Since the 2018 General Assembly Session, the Board of Education has held two business meetings, discussing passed legislation, listening to state and national education issues, and acting on multiple items. Of particular interest to counties is the Board’s plans to address the teacher shortage.
Representatives from the Education Commission of the States (ECS) presented state and national trend data on the teacher shortage crisis. To view the presentation, please click here. In 2017, at least 23 states addressed teacher recruitment from collecting teacher supply and demand data, developing districts of innovation, developing career pathways and grow-your-own programs, altering preparation and licensure requirements to providing financial incentives, and incentivizing retired teachers to return.
The Virginia Advisory Committee on Teacher Shortages recommendations focused on recruitment and retention components of the shortage. The committee analyzed the challenge, and determined that the issues in Virginia relate to costly pathways into teaching combined with limited earning potential, a negative perception of the teaching profession, and undesirable working conditions. The five priority recommendations emphasize financially accessible and stackable pathways into teaching, permitting undergraduate teaching majors, raising awareness of federal loan forgiveness programs, considering establishing a competitive Commonwealth Teaching Fellows Program, and differentiating compensation or retention bonuses. Two recommendations were taken up as either policy or budget items in the 2018 General Assembly. To access the presentation, please click here. The Advisory Board on Teacher Education and Licensure also offered recommendations addressing teacher shortage in addition to the proposed regulations on personnel and education program approval. The recommendations can be found here.
During the 2018 Session, there were over 20 bills addressing teacher shortage. Of note, HB 1125 (Landes)/SB 349 (Peake) addressed the crisis via teacher licensure requirements. The bills: 1) increase the length of time a license is active from five to 10 years; 2) provide a one-year grace period for teachers to meet requirements when they seek a provisional license; 3) remove additional assessments for teachers seeking licensure reciprocity; 4) establish an alternative pathway to licensure for elementary preK-6 teachers and K-12 special-education teachers; 5) extend the three-year provisional license for up to three more years based on a recommendation from the division superintendent and performance; 6) increase the provisional waiver process to a biennial timeframe; and, 7) require that the Board amend regulations to establish requirements for license renewal and the completion of no more than 360 professional development hours within the 10-year period.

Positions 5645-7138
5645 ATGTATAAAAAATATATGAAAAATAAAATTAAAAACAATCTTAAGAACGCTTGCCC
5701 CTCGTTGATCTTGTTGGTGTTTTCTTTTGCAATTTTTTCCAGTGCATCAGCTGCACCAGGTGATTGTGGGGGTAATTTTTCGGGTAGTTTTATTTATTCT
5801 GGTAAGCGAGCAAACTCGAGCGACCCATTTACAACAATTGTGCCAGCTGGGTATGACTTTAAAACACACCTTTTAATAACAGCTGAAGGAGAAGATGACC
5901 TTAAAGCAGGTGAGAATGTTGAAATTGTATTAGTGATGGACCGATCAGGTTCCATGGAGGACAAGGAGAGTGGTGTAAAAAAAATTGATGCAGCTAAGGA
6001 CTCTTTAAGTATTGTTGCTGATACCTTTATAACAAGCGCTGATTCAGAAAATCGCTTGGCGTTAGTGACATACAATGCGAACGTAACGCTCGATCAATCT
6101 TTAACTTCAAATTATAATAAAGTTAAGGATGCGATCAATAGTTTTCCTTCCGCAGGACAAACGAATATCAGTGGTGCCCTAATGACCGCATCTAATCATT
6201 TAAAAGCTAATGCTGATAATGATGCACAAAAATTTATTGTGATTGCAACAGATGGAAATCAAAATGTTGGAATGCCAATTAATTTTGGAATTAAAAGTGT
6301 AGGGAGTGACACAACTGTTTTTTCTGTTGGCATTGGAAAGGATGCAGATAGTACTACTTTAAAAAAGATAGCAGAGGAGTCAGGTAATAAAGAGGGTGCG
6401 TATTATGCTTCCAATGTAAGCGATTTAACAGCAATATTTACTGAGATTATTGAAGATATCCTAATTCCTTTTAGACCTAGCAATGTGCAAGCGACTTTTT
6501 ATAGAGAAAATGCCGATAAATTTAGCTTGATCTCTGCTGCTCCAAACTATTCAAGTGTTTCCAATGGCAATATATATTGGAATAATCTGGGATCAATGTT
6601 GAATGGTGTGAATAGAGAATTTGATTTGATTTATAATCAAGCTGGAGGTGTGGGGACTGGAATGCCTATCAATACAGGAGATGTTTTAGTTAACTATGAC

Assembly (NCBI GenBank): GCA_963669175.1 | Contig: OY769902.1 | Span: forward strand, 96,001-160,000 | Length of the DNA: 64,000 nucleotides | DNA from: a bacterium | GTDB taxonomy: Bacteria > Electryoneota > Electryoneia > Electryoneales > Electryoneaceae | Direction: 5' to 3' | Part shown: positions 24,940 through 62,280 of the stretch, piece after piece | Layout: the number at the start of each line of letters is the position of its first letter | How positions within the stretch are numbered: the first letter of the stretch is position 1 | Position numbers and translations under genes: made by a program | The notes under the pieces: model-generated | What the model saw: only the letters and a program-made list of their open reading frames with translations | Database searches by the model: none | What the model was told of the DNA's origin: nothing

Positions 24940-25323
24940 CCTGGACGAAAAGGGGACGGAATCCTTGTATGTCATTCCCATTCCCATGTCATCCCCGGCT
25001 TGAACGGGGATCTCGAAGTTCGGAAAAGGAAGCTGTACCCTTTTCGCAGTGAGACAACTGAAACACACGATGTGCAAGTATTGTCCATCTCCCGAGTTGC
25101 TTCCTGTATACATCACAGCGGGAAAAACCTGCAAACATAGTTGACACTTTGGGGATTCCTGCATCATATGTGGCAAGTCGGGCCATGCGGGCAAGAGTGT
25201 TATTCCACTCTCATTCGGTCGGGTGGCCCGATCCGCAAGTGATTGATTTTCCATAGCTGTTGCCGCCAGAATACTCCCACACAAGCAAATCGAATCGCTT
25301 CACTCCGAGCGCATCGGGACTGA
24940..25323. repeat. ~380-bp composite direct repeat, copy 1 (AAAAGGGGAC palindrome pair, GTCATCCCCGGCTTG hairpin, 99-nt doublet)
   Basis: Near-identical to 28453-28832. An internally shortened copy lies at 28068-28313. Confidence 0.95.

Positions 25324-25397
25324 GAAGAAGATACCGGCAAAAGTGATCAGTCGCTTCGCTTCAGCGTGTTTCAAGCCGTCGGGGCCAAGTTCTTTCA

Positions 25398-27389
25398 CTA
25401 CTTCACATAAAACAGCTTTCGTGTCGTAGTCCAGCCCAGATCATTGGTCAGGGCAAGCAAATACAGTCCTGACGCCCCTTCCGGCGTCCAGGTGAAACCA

Of note, the Board also took final action on the following items:
- Approved 2018-2019 K-12 Mathematics Textbooks
- Approved 2018-2019 Textbooks and Instructional Materials for K-12 History and Social Science with potential supplements to cover: 1) Virginia state and local government, 2) massive resistance, 3) Jim Crow laws, 4) Virginia’s role in the Civil Rights Movement, and 5) the Holocaust and Genocide in World History
- Removed the Dryden Elementary School Project in Lee County from the waiting list
- Approved leases for the Rural Retreat Middle and High School Projects in Wythe County
- Approved Bellwood Elementary School’s year-round school plan in Chesterfield County
- Approved the Standards of Accreditation regulations
- Amended and approved the School Divisions of Innovation regulations to include information sharing
- Removed three and added 20 Board approved industry credentials
- Expedited filling Board vacancies
Future meetings will include status updates on the Board’s priority concerns from teacher shortage and equity to accountability.
VACo Contact: Khaki LaRiviere